Only a very small number of companies ever find their true brand position, which is why in most markets there are only ever a small number of long term winners.
The first thing to stress is that brand is not your logo, strap line or colour scheme. It’s what you actually do. It’s what you stand for and it’s everything that comes to mind when people think of you. For some useful definitions of brand, check this out.
Your brand will define:
– Your pricing
– Your culture
– Your website
– Your social media activity
– Every other encounter that people have with you
To define your brand you need to dig into the following questions:
– What are you selling? Is it just a product or a lifestyle? Is it a sense of community and belonging? Is it education? Is it entertainment? Is it the promise of greater happiness?
– Who are you? What are the founders/directors like as people and what kind of employees do you hire? What are your shared personality traits, values and passions? What are your goals and ambitions?
– Who is your audience? Where are they, how old are they, what do they care about, how often do they use your product? What are their goals, motivations and fears?
– Who is your competition? How are they similar? How are they different? Who is growing the fastest and how? Who don’t you like in the market and why not? Who has the best digital presence and what can you learn from it?
You will have a lot of information at this stage. What you’re now going to start looking for among all this detail is one simple truth. The one thing that:
– You have the expertise and experience to produce
– You are deeply passionate about
– The market is crying out for
– You can deliver better than anyone else in the market
The intersection of these four factors determines where your brand is positioned in the market
3. Brand values:
It is one thing to understand your brand’s positioning, but you now need to identify what your brand stands for. What values can a client, supplier, employee, shareholder or any other stakeholder expect to experience when they come into contact with your brand?
The process of identifying a brand’s “values” can result in all sorts of vague and unhelpful words being thrown around – “people”, “service”, “quality” and “integrity” being some common offenders. Okay, it’s perfectly possible that those words might describe you, but more likely they’re just the values that you think you should have. To reveal your true values (and I would usually suggest identifying between 3 and 10, each accompanied by a more detailed narrative) you need to get under the the personalities behind the company. What words would clients use to describe you:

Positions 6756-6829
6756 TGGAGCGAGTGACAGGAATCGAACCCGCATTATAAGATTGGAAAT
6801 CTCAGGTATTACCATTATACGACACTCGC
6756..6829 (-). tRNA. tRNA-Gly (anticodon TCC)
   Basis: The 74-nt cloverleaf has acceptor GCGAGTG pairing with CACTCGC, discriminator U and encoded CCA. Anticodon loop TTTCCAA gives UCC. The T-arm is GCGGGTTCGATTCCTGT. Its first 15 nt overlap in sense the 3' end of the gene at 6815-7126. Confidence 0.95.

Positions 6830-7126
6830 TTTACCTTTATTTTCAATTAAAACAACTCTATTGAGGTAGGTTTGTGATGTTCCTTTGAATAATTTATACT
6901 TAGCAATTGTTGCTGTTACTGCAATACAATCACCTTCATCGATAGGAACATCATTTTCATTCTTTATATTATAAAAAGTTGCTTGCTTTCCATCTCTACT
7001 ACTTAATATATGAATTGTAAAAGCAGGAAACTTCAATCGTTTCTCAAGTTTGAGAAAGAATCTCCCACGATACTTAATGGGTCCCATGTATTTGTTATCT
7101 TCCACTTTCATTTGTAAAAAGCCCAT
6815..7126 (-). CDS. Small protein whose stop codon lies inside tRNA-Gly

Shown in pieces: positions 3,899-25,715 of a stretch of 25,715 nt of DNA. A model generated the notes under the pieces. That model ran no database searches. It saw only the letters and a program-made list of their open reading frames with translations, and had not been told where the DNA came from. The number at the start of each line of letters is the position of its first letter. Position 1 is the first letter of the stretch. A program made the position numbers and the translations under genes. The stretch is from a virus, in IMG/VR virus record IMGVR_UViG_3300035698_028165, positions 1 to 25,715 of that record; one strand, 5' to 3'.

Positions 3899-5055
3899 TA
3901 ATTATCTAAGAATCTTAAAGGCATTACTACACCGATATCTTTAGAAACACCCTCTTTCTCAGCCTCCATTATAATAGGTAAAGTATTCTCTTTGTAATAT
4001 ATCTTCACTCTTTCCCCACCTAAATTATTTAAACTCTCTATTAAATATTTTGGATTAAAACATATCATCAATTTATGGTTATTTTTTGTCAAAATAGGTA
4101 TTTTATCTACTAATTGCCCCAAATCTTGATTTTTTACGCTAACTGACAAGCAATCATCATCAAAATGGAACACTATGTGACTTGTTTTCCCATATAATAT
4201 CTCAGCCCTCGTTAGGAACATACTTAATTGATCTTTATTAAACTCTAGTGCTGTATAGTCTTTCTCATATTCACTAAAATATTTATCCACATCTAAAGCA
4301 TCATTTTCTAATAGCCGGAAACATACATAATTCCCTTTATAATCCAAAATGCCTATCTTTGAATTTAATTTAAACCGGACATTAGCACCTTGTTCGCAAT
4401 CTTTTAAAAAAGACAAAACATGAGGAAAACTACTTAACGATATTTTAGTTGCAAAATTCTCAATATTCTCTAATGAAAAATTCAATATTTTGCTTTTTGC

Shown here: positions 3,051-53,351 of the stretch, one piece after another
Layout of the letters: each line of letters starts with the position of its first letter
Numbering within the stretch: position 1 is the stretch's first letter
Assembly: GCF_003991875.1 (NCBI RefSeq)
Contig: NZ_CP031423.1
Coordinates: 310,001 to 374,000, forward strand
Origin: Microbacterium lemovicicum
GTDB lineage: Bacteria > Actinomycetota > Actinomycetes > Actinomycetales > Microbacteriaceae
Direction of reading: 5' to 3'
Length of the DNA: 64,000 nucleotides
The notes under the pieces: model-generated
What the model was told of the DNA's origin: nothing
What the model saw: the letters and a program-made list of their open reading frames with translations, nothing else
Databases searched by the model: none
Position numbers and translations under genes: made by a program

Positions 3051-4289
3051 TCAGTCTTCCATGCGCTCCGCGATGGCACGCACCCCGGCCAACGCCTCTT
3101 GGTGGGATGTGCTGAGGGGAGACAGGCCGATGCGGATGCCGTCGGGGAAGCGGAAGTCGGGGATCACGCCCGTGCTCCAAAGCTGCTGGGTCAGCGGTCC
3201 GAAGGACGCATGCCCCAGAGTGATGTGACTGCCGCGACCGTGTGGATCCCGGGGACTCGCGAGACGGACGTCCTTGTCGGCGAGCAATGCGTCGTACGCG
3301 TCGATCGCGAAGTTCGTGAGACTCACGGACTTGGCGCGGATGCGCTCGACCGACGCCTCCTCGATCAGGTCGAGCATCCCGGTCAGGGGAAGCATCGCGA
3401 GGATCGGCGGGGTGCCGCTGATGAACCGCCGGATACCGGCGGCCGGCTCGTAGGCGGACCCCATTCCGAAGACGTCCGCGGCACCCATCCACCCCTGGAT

– Are you professional and formal or friendly and approachable?
– Are you generous and supportive or commercial and uncompromising?
– Are you safe and traditional or exciting and cutting edge?
None of these words are right or wrong. In fact all of them probably sound good in the right context, but they won’t all be true, and among the sea of adjectives will be a small number that account for 95% of what you’re really about. Finding this small number (and the fewer the better) is one of the most difficult and most valuable processes you’ll ever go through.
Important note – to do this effectively you must involve the whole of the leadership team, ideally the entire company. It will ensure a more accurate reflection of reality and help you get buy in from the team, without which this is an entirely pointless exercise.
4. Decide what this actually means for your business day to day
Now that you are clear on your brand’s positioning and values, you can begin to decide what this means for the day to day brand experience. What does it mean for:
– How you answer the phone?
– How you communicate with colleagues?
– The content you distribute via social media?
– The design and messaging within your website?
– The layout of your office?
And yes, it will also help define your logo 🙂